Our fiber link will connect to a cabinet, which, in turn, connects to something else, all the way back to the fiber optic terminal and equipment that generates and controls the signal delivered. If we want to deliver this specific service, we need to know that ALL such elements are aligned and, crucially, that they are capable of delivering the new service. The same is true for any other service we seek to deliver over any of our physical inventory assets. For example, if there is no fiber connection to a property and the household wishes to order one, we need to check whether there is one nearby that can be used to support part of this connection.

Instant service delivery demands a consolidated view of logical and physical inventory

The point is that we need this information – instantly. To run the network effectively, to make changes and to provision new services for new or existing customers, we must be able to check that physical inventory is in place and that it can support a logical service. Do we have these? Where are they? Is there a gap, somewhere? Is there sufficient capacity to add the service or accommodate more users? Is a live service failing to meet demand?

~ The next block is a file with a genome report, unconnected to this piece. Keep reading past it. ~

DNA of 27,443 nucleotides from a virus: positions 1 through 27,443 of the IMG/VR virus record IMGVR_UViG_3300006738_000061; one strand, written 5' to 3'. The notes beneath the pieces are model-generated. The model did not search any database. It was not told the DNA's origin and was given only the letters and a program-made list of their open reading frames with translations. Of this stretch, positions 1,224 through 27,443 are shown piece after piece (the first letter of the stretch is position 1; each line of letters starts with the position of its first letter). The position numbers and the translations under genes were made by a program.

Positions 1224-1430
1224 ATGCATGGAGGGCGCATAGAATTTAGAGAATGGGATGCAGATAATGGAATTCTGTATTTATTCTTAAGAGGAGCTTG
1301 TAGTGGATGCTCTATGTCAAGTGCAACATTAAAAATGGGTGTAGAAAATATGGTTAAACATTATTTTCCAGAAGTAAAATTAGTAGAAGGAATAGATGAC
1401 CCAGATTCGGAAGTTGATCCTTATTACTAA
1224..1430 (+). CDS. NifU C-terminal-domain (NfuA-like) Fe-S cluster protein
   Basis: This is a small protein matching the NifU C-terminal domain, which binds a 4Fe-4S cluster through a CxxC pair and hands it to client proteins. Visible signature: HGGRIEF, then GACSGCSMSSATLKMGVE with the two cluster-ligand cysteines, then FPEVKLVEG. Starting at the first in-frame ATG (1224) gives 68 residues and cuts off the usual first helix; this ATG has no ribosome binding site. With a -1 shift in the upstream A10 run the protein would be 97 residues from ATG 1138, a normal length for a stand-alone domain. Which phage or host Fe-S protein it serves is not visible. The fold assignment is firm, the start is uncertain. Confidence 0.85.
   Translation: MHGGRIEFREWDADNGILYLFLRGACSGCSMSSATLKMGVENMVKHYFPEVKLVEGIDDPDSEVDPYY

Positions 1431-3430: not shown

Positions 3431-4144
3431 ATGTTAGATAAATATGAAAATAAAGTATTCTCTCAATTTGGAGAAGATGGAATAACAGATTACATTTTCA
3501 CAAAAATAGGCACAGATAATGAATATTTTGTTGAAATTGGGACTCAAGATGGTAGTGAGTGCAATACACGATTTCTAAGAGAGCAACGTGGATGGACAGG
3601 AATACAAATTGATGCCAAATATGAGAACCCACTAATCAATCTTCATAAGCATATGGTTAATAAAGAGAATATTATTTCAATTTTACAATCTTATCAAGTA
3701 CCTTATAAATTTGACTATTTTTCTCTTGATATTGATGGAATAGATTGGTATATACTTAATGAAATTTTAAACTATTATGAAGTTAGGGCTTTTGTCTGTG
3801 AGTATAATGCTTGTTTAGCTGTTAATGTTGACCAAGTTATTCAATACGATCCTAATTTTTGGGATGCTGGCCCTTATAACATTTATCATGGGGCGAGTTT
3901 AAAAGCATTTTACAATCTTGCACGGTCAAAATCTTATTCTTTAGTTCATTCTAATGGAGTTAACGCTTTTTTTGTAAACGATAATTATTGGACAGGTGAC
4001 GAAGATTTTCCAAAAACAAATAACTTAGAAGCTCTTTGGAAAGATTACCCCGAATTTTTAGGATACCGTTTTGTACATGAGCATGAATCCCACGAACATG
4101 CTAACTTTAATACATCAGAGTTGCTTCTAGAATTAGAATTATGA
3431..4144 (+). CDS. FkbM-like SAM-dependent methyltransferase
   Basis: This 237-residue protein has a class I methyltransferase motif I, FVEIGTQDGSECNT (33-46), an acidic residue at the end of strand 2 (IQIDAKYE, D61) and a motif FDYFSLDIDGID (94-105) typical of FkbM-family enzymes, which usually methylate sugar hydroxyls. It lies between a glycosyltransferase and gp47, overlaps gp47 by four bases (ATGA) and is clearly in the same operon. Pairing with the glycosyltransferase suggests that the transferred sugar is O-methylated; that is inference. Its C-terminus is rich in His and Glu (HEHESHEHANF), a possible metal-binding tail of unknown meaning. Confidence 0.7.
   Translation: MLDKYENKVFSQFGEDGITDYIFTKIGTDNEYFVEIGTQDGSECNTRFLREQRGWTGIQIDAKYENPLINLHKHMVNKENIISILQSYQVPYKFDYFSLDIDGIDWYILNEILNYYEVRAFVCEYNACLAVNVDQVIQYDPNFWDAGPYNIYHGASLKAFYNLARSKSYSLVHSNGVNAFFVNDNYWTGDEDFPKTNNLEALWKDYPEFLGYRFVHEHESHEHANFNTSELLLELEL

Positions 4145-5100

The logical inventory, then is our record of the services we can deliver, the services we have active – wherever and to whomever they are delivered – the capacity available for new services, and so on. Can I add another broadband service using what’s there, or do I need new physical resources?

If operators want to sell digitally – as they most certainly do – and to remove (as far as is possible) the manual elements from service provisioning and delivery, the process of checking these variables must take place, instantly. The data relating to logical and physical inventory assets need to be accessible, from a single location, so that queries and answers can be generated, and assets correlated to determine whether the service can be delivered, or whether it requires some form of other work to complete the order.